Ron Parks: Stained glass isn’t easy, but it’s rewarding
Ron Parks hadn’t intended on taking 11 years and 222 days to finish making his replica of a Tiffany lamp, but he did. There have been obstacles and life challenges, but there’s never been a loss of interest, he said.
The lamp, now prominently displayed on a desk in his living room, is a replica of a hanging dragonfly lamp designed by Louis Comfort Tiffany. It was a popular style, said Parks, pointing to all the fine soldering and tight cuts that were needed to complete the project.
Tiffany enjoyed nature and believed people should also be able to enjoy art at a reasonable price, said Parks, acknowledging that Tiffany stained-glass pieces still in existence are no longer valued at those everyone-can-enjoy prices.
Parks said he never forgot about the lamp, but family-related caregiving responsibilities and two jobs always seemed to push the project to the back burner.
“There was a series of deaths, and I just never got to it or couldn’t get to it,” he said.
Finally, he said, one day his wife suggested he use glass that’s smooth on one side instead of textured. The Tiffany lamps use glass that’s textured on both sides, which makes it very difficult to make a smooth cut because the cutters don’t want to go in a straight line, said Parks.
“Once I bought the glass with a smooth back, I was on a mission to complete it,” said Parks.
A family member sparked Parks’ interest in stained glass while he was in college. He said that family member showed him what to do, and while the results were elementary, he said, it showed him the possibilities. Eventually, he signed up for a 10-week class to make the lamp with Hugh Archer, who consults with the Youghiogheny Art Glass Company in Connellsville, Pa.
“At the end of those 10 weeks, I was nowhere near done, but I had the techniques to keep moving forward,” said Parks.
In some ways, making the lamp is like painting by numbers, but with glass. For this specific lamp, there’s a pattern that’s repeated nine times, which means a person cuts all the pieces of glass on that pattern nine times. There are 513 pieces of glass in total. The lamp is built on a mold from the top down.
Parks said the most difficult part of construction was the hanging dragonfly part because he had to do it by hand. The mold begins to curve in at its widest point. If he continued to use the mold, he said, it wouldn’t be able to come out.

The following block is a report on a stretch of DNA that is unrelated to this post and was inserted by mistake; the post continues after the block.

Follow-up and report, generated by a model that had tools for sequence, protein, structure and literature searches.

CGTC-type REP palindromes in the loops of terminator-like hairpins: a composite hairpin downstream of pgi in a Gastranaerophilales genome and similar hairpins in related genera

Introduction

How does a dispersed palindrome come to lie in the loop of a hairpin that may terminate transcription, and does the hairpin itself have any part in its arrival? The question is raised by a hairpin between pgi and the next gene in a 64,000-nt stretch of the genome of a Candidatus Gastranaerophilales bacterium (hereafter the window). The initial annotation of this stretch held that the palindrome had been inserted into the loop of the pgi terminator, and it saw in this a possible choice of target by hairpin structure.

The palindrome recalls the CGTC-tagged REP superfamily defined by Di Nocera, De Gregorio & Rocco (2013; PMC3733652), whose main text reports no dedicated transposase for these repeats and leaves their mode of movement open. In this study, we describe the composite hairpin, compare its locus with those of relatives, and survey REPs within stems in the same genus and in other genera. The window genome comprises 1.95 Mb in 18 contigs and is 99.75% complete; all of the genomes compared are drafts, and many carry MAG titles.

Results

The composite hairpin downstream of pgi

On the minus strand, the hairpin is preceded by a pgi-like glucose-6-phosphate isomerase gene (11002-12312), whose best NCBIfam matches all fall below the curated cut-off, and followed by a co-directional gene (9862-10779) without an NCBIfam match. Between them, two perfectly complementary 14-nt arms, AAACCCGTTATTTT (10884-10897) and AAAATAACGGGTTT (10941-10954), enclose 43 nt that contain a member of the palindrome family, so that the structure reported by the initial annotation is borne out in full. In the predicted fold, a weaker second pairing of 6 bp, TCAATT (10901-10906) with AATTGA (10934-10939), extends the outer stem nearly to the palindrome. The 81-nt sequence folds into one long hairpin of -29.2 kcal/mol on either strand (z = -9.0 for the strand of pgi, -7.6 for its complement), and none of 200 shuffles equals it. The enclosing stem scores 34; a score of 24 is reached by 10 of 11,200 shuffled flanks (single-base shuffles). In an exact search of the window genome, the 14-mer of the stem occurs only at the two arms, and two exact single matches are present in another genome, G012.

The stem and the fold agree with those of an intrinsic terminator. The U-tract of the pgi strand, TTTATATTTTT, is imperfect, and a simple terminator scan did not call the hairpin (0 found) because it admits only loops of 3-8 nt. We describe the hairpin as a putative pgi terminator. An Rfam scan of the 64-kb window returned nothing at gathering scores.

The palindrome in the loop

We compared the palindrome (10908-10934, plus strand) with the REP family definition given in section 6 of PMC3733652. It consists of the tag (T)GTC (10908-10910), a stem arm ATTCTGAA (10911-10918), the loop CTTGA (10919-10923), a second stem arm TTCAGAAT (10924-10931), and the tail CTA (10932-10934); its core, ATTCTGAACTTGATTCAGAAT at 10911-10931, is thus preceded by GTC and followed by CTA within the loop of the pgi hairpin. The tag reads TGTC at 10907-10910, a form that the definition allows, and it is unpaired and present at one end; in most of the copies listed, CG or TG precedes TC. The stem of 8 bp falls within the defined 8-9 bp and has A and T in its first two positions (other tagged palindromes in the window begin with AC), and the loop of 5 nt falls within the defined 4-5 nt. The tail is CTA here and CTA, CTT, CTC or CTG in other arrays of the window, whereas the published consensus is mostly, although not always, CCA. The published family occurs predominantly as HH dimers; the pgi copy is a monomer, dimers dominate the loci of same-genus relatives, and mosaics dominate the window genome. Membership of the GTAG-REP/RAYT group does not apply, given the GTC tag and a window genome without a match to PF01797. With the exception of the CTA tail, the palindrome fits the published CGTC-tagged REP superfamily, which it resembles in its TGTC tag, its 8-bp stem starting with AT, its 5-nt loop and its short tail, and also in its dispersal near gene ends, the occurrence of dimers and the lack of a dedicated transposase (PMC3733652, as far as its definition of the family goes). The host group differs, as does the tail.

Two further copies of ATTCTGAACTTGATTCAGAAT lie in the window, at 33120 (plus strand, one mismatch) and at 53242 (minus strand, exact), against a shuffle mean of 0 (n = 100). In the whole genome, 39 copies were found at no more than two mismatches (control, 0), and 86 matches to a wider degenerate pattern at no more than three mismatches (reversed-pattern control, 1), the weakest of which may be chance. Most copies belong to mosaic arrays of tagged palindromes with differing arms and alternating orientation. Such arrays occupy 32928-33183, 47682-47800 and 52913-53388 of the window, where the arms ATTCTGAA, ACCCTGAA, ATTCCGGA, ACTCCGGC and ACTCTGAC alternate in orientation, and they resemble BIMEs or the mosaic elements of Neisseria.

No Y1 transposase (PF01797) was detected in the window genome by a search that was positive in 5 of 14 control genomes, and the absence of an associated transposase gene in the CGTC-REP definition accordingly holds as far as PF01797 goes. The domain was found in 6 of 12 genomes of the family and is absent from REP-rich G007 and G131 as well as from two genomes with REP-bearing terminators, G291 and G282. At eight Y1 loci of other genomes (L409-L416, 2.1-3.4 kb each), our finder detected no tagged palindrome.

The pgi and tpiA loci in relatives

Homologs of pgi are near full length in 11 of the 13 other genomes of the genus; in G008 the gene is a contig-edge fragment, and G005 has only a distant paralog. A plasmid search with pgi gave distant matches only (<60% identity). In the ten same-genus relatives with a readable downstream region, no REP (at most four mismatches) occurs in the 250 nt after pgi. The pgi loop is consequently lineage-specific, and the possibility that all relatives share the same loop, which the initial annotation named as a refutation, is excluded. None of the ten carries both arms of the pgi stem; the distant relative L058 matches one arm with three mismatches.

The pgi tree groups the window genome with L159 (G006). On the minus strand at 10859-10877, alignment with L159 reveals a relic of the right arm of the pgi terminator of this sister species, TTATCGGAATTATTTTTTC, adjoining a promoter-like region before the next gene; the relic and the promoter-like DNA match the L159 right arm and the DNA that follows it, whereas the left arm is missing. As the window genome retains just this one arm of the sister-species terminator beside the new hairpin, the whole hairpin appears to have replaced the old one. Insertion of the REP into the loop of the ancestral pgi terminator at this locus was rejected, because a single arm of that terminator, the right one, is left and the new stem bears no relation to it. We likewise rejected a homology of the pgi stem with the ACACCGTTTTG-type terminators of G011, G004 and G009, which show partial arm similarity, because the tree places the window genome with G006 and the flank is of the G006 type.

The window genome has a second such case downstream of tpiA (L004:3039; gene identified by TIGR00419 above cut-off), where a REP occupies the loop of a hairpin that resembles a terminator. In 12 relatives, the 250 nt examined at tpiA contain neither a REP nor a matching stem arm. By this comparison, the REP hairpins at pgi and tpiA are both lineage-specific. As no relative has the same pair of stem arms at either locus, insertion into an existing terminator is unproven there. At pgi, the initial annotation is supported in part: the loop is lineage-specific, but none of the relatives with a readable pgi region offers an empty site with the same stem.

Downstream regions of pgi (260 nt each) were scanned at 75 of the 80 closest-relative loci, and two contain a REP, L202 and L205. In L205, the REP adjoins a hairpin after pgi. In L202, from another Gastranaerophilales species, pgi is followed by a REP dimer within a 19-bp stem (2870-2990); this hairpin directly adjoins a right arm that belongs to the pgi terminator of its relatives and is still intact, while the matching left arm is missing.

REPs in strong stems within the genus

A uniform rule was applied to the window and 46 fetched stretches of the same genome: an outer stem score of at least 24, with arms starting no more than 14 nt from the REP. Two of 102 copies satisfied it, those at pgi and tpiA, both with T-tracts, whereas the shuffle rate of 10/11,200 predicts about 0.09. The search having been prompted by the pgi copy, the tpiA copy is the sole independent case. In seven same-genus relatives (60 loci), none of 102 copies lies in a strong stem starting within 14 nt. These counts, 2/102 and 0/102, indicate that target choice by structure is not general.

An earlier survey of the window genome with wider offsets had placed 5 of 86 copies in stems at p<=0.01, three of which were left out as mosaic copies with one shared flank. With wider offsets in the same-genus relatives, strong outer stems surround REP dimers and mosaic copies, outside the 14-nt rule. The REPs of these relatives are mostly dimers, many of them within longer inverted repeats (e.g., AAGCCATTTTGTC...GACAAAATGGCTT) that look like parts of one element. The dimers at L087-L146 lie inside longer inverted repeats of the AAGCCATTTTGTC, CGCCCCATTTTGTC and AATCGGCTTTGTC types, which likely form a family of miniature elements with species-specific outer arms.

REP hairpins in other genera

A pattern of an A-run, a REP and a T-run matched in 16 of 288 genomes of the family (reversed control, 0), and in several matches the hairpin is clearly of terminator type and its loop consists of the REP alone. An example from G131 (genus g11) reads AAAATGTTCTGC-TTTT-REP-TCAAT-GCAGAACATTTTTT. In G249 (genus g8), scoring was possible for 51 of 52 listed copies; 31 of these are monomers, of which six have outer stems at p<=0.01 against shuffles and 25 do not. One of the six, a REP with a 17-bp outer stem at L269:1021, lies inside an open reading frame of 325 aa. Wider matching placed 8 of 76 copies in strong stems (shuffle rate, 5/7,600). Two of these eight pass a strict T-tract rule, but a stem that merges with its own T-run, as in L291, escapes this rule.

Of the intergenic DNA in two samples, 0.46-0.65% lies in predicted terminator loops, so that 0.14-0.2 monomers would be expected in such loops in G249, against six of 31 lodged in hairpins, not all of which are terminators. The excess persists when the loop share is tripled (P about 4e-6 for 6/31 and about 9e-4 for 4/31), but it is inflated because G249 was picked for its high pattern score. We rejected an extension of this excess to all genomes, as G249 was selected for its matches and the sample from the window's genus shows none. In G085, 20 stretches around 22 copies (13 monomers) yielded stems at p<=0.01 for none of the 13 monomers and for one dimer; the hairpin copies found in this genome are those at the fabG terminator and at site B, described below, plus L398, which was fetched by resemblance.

Parks didn’t just spend more than a decade on this one piece. His house outside Rehoboth is full of his other pieces of stained-glass art. There are stained-glass pictures in the windows. There’s a band of angels on top of a bookshelf in his living room. Most of the rooms have at least one light fixture of some kind that has a stained-glass shade. There have been dozens of stained-glass figurines and pictures made for others.
The lamp was always there in the background to get done, but sometimes there was a need to just get a project done, he said.
“If it’s stained glass in this house, I made it,” he said.
Parks’ stained-glass workshop takes up about 100 square feet of a garage in his backyard. He’s got a table with supplies and tools that he uses to build on. There’s a light table where he cuts the glass. There’s a shelving unit with pieces of different colored glass.
Parks said there are three or four skills needed to make stained-glass art, but the work is in perfecting those three or four skills. It’s about getting faster and better, he said.
Pulling out a large piece from the shelves, Parks said among the difficult parts of using art glass is that the colors are not a solid shade of one specific color. He points to different sections where yellow is the dominant color in one area, green in another area or blue in another. He said the goal is to try to match up the colors as best as possible.
Parks uses the copper foil and soldering method created by Tiffany to connect the glass together. Prior to the use of copper foil, Parks said lead was used, which, besides its health issues, is heavy and pliable.
He will work on projects during the summer months, but he said the adhesive on the back of the foil doesn’t stick to the glass very well in the humidity, which means winter time is the best time of year. There’s a space heater that works pretty well, he said.
Parks said stained glass is a great hobby, but it’s not relaxing. It’s one that requires patience and time, he said.
“There’s always Band-Aids nearby,” he said. “Inevitably, you cut your hands. You go to wipe something away and there’s a little shard of glass that nicks you.”
On a tripod in the pool table room sits a blueprint of his next big project – a 45-inch-diameter stained-glass window that will eventually be installed at the Unitarian Universalists of Southern Delaware’s house of worship off Route 9, outside Lewes.
Currently, the blueprint is done in pencil, with a little bit of colored penciling added in certain places so he can begin to imagine what the window will look like when it’s completed. Parks said he doesn’t know how many pieces he’s going to need to cut.
“I’ve shown some of the professionals in the area and they’ve already told me that I’ve got too many,” he said, laughing and recognizing he doesn’t want the window to turn into another decade-long project.
Looking forward, Parks said he’s thinking about making another lamp. He said he doesn’t think it will take as long. The hardest part will be finding the replica base for the lamp to sit on, but he said he wants to take on another challenge because he likes how the lamps make the glass shine.
“Without light, stained glass is pointless,” said Parks.